Friday, November 26, 2010


Co-op modern

This 1936 design features the Midhill Road branch of the Sheffield and Ecclesall Co-operartive Society. Designed by J W Blackhurst, it is a resplendent combination of plate glass, chromium trim, lettering made up almost entirely of straight lines, and the signature material of 1930s shop fronts, Vitrolite. Vitrolite, a form of coloured glass available in a range of hues including orange, black, pale yellow, and pale green, produced hard shiny wipe-down surfaces that were much admired in the 1930s. The material is not so common today, but a skin of black Vitrolite still covers the Daily Express building in London’s Fleet Street.

Vitrolite and chrome were used with flair in this shop front, now alas demolished. The dark cornice, overhanging canopy, grids of glazing bars and railings, and the lettering, all combine in a glittering, angular whole. It’s flashy, in the way the Art Deco cinemas are flashy, but also hygienic and wholesome, a blending of apparent opposites not unlike the powerful combination of capitalism and mutual ownership on which the co-operative movement itself was built.


bazza said...

Hi Philip. Your picture looks like the kind of watercolour painting used to help sell a new building descibed as an 'artists impression'.
I don't believe there is a single curve in that picture!
Does the building look this good when seen for real?
Bazza’s Blog ‘To Discover Ice’

Philip Wilkinson said...

Bazza: You're spot on there. I think this picture was used not just to sell the building to the client, but also, in advertisements, to sell Vitrolite. The building looked pretty good when new, I believe, but is now sadly no more.

Hels said...

The Midhall branch of the Sheffield and Ecleshall Co-operative Society had every element of Art Deco design that the architect could throw at it - sharp geometry, modern building materials, specific colours, specific lettering, a passion for hygiene, no clutter.

I would have loved it, but most Deco businesses and many Deco residences seemed to have been destroyed in a flurry of later 20th century vandalism.

Philip Wilkinson said...

Hels: Indeed they were. Shops in particular are the victims of architectural fashion – shop fronts have been seen as the most ephemeral of architecture, good for a few years before being made over in the latest style. It's a shame that so many designs of quality have been destroyed in the process.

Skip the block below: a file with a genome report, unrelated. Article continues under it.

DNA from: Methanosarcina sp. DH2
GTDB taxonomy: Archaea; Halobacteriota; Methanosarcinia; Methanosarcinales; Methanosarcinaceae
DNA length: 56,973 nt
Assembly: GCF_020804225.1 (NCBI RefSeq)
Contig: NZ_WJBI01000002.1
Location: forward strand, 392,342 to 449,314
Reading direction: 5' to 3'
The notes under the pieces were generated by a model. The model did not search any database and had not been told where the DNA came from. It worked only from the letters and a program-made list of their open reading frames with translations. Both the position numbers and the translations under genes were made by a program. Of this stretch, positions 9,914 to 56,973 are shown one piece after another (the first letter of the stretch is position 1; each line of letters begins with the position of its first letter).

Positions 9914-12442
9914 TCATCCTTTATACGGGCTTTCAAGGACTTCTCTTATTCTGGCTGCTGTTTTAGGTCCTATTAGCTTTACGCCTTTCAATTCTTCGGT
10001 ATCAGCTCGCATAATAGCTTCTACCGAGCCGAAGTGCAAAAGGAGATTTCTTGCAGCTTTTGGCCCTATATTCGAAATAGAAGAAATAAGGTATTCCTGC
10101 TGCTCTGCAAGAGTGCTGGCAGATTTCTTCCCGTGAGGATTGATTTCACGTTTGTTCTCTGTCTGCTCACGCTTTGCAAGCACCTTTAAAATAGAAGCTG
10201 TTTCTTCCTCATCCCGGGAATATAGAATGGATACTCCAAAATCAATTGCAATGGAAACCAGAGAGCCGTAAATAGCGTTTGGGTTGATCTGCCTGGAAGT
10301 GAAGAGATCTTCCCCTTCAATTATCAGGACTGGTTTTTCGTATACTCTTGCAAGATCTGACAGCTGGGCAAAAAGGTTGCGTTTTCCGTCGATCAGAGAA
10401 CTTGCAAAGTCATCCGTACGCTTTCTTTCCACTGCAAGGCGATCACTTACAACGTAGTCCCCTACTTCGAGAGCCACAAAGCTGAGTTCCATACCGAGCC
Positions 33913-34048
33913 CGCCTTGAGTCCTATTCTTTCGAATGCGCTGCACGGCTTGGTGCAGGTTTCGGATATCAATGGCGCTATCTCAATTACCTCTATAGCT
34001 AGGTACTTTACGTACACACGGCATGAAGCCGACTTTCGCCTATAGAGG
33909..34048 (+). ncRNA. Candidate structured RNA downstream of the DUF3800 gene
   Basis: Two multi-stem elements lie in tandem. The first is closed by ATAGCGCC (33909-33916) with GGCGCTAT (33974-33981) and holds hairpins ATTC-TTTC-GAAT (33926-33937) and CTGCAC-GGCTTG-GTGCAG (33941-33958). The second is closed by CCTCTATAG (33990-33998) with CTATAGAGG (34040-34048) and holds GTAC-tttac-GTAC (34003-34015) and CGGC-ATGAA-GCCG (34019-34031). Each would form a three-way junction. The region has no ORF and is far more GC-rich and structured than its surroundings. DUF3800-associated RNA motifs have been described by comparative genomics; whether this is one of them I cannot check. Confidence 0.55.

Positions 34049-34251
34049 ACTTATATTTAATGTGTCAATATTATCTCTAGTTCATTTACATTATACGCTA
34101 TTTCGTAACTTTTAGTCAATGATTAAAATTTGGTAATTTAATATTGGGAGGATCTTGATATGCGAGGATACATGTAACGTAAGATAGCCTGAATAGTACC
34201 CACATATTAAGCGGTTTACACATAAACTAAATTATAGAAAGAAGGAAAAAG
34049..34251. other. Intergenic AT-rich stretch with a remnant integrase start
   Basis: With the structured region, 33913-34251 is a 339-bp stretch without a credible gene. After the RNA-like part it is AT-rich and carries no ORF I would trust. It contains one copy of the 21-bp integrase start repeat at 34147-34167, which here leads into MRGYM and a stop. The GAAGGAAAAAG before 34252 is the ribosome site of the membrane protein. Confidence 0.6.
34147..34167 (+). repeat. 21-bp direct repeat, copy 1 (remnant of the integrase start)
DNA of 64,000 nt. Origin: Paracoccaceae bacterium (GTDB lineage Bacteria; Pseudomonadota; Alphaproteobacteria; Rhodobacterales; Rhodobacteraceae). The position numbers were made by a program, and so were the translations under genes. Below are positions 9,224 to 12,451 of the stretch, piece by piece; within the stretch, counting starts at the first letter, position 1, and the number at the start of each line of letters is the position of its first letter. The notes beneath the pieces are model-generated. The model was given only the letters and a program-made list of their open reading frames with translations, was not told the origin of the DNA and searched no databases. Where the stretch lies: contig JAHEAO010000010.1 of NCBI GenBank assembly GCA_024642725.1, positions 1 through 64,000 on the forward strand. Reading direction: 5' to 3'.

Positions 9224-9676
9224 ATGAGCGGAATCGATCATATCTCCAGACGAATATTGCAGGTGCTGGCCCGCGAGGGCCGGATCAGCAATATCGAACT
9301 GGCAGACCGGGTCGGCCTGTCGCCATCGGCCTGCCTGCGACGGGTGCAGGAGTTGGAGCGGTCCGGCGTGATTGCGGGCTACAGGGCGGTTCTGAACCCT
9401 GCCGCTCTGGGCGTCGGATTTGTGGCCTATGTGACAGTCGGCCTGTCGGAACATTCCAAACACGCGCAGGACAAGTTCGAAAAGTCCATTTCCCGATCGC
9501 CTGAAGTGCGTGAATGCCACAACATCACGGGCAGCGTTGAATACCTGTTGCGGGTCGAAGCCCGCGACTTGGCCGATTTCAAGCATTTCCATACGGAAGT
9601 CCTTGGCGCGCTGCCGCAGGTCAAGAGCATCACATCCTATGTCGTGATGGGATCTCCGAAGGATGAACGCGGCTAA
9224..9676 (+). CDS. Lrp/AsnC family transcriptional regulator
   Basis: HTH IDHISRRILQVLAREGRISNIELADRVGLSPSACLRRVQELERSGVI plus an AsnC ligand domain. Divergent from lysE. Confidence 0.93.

worm said...

I love this style of architecture - you actually see a lot of pristine shops like this in Australian towns, including awesome original mosaics in the doorway floors

Philip Wilkinson said...

Worm: I've not been to Australia, but I have heard of the Art Deco and modernist buildings of some Australian cities. There are one or two examples still standing in Britain, but they're few and far between.

Anonymous said...

from Chris Morley

Hi Philip

Where exactly was this branch?

There's no Sheffield neighbourhood called Midhall nor, that I can trace, any local roads with Midhall as an element to their name.

I've only been able to find a Midhill Road in Heeley, but in 1935 the OS maps show this was a cul de sac of slightly more than a dozen semi-detached houses and a builder's yard - hardly a likely setting for a cutting edge new branch.
Coordinates 435660, 385382

I've searched but can't find anything else on this. What was your source for this post?

And Eccleshall or Ecclesall?

In Sheffield it's definitely pronounced without any h and that's how it's spelt too.

So this was a design for the Sheffield and Ecclesall Cooperative Society.

Philip Wilkinson said...

Chris: Thanks for your comment. My apologies for the confusion about this. The illustration came from an old issue of Architecture Review (July 1936) shown me by a friend. I made some mistakes in transcribing the information about it – it should be Midhill Road and, of course, Ecclesall. The illustration is also published in Kathryn A Morrison, English Shops and Shopping (Yale UP, 2003) but this book doesn't include any further information about location. Looking at the old map, I'm wondering whether it's the building on the corner of Olive Grove Road, but who knows?

I've corrected the post, and thank you again for your interest.

Unknown said...

The perspective of this building, and another, which I possess, were done by my father Norman Palmer, working as an architect in Blackhurst's office in Sheffield.

Philip Wilkinson said...

Gray Palmer: Thank you very much for the information. It is good to know the name of the architect who did this striking perspective drawing.